In defense of Moxie

Amanda Hirsch
8 min readMar 6, 2021

Unlike many reviewers, I loved it, and here’s why

Warning: contains spoilers

I’m reading a lot of negative #Moxie reviews, and they’re pissing me off. I loved Moxie, and no, it’s not just because I adore Amy Poehler, who directed the film. As an ardent feminist who tells women’s stories for a living, I believe that some of the critiques I’m reading are truly misguided.

In The New York Times:

“‘Moxie’ is a CliffsNotes guide to fighting the patriarchy. In its hyper-condensed view, all you need is a tank top, a Bikini Kill song and a mass walkout and voilà! The struggle is over.”

This is so unfair. Where in the movie does it suggest that “the struggle is over”? The members of a high school’s feminist club give each other a platform for sharing their stories and calling out injustice — and a rapist. The movie makes it clear, given the insidious misogyny evident in their school (and, by logical extension, their world), that these girls will be fighting an uphill battle — the struggle is certainly NOT over. But unity can give them strength.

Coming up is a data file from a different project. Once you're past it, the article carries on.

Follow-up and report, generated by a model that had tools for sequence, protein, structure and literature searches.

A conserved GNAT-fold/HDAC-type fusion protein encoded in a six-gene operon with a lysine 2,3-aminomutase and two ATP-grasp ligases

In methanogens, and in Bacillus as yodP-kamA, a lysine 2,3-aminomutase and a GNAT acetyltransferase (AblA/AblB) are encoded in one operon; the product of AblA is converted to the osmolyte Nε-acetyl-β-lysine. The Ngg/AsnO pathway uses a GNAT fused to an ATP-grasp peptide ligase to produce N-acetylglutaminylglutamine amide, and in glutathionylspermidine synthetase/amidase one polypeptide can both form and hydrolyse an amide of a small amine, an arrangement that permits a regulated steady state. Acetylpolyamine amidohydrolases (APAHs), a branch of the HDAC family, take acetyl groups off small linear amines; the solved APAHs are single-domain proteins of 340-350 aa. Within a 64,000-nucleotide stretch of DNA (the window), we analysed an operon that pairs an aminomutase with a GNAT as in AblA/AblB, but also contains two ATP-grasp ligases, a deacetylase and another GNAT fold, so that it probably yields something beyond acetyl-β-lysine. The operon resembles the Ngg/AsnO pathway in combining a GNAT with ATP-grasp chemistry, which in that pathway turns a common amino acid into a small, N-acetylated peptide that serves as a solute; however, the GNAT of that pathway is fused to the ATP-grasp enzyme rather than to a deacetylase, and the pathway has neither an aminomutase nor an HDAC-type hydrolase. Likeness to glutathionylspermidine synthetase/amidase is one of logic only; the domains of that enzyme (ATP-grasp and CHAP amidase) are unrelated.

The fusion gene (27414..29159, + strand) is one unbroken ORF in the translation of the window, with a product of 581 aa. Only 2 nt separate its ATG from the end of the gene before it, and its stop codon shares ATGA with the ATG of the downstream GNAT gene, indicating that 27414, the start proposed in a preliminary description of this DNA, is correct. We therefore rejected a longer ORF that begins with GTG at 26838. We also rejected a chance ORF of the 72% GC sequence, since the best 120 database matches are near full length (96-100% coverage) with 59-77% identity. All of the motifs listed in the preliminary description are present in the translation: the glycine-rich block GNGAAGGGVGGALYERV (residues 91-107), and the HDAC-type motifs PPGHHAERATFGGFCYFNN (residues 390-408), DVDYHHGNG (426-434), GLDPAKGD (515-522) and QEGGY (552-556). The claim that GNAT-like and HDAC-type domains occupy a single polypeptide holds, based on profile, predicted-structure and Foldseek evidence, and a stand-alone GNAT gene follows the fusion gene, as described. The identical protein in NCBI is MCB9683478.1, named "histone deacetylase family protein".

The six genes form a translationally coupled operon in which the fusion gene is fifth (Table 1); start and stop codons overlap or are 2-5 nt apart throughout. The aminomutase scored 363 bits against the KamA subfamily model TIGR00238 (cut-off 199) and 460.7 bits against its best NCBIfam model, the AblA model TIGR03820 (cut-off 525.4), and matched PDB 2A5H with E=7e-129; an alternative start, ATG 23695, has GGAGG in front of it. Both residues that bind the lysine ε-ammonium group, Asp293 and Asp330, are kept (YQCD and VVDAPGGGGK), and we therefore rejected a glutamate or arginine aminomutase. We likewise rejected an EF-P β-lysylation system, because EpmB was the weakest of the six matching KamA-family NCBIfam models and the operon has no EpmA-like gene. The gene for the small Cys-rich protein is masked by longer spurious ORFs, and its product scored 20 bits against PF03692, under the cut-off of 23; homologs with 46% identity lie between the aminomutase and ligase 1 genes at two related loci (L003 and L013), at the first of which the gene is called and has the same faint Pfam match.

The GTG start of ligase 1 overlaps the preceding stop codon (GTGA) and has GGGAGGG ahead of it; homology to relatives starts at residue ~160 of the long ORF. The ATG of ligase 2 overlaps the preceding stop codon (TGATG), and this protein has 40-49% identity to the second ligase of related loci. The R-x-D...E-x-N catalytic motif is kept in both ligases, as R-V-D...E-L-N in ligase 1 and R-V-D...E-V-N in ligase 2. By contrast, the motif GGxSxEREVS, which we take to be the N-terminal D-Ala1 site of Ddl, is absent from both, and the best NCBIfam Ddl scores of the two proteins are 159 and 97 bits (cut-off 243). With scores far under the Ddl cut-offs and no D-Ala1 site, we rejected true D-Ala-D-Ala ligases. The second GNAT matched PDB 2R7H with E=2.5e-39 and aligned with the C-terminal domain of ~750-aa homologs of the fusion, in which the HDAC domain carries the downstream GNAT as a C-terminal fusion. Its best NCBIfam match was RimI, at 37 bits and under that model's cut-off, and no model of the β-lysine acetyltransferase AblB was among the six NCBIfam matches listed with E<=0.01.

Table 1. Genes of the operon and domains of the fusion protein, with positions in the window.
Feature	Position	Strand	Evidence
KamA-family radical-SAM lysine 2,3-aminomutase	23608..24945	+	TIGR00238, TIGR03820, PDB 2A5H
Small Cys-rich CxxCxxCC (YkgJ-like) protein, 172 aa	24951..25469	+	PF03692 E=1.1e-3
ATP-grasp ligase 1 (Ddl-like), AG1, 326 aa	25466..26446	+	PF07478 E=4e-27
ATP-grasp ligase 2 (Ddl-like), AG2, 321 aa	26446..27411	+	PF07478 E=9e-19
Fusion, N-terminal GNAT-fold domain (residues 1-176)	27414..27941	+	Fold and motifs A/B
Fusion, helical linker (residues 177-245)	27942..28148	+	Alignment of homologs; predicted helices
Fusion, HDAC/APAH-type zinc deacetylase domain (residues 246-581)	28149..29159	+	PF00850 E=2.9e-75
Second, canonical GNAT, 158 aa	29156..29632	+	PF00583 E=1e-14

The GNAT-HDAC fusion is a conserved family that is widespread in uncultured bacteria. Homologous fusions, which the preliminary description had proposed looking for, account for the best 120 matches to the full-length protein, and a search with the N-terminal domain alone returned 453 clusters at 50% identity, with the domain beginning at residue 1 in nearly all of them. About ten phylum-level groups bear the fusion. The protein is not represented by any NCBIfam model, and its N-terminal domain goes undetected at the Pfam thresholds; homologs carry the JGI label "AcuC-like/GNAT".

Intersectional feminism and peanut butter

Other reviews argue that the film isn’t actually as intersectional as it wants to be — that diverse characters are given short shrift or are secondary to the white cis girl’s central narrative. For example, in Refinery29:

“The movie acknowledges that past generations of feminists, represented by Poehler herself, have been woefully oblivious to their white privilege, and stresses the need for intersectionality. Having said that — literally and often — the story continues to revolve around Vivian’s struggle. Moxie uses its supporting characters as symbols of inclusivity, suggesting that they matter just as much without ever proving it by digging into any of their stories.”

I won’t disagree that this is a story about a white, cis, girl, first and foremost, so in that sense, the stories of characters of different backgrounds do come in second to her narrative. There is no question that we need more stories that center non-cis, non-white, differently

Amanda Hirsch

I write about raising women's voices, power, and motherhood.